“The gunmen who took me prisoner claimed to be Croatian militiamen, but were, in reality, little more than thugs and gangsters,” wrote Pratt. “During my short captivity, along with other civilian prisoners, I was bound and beaten with rifle butts before being singled out one night to be shot. To this day, I’ve never really been able to figure out what then followed – a mock execution or simply a case of my captors, who were drunk at this point – making a cock-up of trying to kill me.

“The last I remember of that night, was kneeling with my hands tied behind my back looking down into a ditch where others lay twisted and lifeless. Then there was the sound of a pistol being cocked before being put to the back of my head. A second later, there was an empty click and some mocking laughter before a thump on the back of my neck sent me to oblivion into the ditch where I later regained consciousness lying alone among a heap of bodies.”

The point that Pratt goes on to make is this: “At the end of the day, real democracies don’t do torture. In today’s war on terror, far from being a necessary evil, torture is plain evil: a morally reprehensible act that is in itself is a form of terrorism.

“No matter how much we try to justify it as a means to an end, in fighting today’s war on terror, it simply can never be so. Those states that advocate its use are little better than those morally bankrupt thugs at whose hands I, along with countless others, suffered in Bosnia all those years ago.

“As the French Algerian author, Albert Camus, eloquently put it: ‘Torture has perhaps saved some, at the expense of honor…even when accepted in the interest of realism and efficacy, such a flouting of honor serves no purpose but to degrade our country in her own eyes and abroad.’”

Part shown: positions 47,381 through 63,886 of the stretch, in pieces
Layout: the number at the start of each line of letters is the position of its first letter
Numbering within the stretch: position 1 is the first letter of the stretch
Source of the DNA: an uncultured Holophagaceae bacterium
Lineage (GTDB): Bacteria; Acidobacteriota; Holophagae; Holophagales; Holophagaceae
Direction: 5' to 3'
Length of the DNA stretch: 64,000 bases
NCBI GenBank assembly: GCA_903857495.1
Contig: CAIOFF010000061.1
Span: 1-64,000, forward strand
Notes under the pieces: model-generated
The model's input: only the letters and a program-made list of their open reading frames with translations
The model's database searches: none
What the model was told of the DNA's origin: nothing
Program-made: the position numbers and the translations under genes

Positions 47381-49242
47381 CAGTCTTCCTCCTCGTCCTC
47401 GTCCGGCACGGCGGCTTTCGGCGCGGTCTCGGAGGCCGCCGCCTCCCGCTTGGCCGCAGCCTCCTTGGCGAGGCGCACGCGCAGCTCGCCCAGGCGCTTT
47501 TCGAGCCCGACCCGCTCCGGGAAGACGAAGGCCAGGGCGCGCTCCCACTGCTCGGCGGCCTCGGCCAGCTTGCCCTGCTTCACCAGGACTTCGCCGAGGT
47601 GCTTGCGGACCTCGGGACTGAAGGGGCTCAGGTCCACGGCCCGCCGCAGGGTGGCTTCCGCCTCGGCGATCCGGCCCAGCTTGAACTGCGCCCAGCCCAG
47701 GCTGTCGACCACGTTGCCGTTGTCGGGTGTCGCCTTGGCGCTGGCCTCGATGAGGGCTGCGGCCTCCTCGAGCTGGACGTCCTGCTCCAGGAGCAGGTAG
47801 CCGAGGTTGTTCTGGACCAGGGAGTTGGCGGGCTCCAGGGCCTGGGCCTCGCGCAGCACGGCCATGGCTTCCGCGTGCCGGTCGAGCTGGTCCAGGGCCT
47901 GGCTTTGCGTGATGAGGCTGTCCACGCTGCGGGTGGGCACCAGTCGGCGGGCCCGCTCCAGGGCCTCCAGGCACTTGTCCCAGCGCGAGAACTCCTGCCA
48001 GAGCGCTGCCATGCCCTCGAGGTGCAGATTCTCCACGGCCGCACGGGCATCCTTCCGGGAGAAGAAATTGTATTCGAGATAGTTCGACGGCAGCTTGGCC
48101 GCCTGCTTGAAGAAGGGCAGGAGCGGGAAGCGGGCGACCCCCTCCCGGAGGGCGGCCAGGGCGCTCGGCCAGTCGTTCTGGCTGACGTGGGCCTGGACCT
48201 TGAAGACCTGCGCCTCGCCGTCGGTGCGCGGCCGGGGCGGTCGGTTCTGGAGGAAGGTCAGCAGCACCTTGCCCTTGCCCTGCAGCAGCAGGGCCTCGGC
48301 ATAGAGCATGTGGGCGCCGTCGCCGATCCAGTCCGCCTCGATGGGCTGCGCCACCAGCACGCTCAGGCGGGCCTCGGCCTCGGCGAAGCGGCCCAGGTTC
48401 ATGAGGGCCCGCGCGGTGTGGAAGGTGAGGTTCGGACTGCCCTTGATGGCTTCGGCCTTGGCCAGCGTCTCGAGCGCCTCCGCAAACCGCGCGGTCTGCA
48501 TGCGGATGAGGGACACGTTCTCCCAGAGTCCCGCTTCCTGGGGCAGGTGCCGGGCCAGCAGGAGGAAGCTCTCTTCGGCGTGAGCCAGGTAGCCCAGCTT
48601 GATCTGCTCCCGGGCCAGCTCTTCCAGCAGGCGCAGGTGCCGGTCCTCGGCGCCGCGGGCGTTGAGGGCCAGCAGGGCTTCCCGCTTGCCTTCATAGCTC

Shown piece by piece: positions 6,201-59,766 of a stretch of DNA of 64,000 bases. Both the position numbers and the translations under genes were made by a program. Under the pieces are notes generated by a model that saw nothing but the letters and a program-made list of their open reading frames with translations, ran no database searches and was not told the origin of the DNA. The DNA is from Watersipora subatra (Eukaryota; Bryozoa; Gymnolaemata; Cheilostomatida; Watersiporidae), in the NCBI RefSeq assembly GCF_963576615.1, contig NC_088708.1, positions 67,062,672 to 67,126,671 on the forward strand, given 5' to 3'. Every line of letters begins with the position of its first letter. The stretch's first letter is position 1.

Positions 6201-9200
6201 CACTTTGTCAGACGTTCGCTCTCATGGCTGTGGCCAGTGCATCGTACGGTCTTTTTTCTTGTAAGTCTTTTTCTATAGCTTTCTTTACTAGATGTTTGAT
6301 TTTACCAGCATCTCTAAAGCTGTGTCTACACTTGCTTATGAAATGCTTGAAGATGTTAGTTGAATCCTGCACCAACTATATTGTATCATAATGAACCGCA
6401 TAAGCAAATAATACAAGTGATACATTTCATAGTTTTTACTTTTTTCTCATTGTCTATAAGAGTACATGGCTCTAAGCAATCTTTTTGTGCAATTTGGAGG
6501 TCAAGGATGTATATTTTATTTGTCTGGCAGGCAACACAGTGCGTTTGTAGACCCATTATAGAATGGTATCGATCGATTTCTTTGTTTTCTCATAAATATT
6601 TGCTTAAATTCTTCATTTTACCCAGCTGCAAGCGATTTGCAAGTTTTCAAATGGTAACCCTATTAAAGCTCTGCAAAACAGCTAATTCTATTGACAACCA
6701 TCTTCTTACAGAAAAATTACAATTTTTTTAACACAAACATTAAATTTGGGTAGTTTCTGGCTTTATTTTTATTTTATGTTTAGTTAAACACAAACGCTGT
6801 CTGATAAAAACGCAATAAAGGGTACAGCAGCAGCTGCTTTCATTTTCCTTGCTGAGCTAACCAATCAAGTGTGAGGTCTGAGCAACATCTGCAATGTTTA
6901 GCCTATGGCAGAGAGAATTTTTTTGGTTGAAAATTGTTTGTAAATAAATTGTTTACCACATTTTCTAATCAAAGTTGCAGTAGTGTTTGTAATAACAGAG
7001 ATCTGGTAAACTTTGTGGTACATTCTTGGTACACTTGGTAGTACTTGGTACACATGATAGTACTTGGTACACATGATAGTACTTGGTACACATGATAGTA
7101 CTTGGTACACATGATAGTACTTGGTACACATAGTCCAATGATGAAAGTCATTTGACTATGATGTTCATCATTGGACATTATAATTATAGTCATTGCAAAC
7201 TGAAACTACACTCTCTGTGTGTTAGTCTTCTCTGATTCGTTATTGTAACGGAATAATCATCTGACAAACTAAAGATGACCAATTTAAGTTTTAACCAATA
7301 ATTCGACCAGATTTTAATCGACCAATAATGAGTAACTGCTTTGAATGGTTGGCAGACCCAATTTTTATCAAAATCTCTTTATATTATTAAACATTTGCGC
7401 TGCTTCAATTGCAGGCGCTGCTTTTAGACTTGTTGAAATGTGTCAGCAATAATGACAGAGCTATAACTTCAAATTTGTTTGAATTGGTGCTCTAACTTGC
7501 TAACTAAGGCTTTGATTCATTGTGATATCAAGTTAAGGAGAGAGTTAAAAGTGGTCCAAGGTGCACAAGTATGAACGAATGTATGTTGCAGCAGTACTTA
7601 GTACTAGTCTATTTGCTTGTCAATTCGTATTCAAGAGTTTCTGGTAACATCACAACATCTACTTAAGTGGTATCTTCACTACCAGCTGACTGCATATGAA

October 24, 2010

BoucherCon: David Baldacci, Martin Cruz Smith & 1,000 middle-aged ladies

Filed under: Uncategorized — Tags: , , , , — Jane Stillwater @ 7:02 pm

I love to read — and murder mysteries are my favorite things to read in the whole world. So when a huge murder-mystery writers’ and readers’ convention came to San Francisco this year, I just HAD to go. And BoucherCon didn’t disappoint. For four whole glorious day, I got to absolutely wallow in the literary nuts and bolts of who-killed-who.

I got to ask Joseph Finder, a mega-blockbuster big-selling author who is also an expert on Afghanistan, “If you were to write a Who-Dun-It about Afghanistan, what would be the plot and how would you solve that particular mystery?”

Finder gamely replied, “I’d make it into a comedy of errors. The Afghan government is not doing what you think it is doing and everyone else is also being fooled.” Yeah, especially the average Afghan and us taxpayers — at this point, we seem to be playing the role of the corpse.

And I got to ask Martin Cruz Smith, “How in the freak did you learn so much about the inside workings of a Russian fish-factory ship?”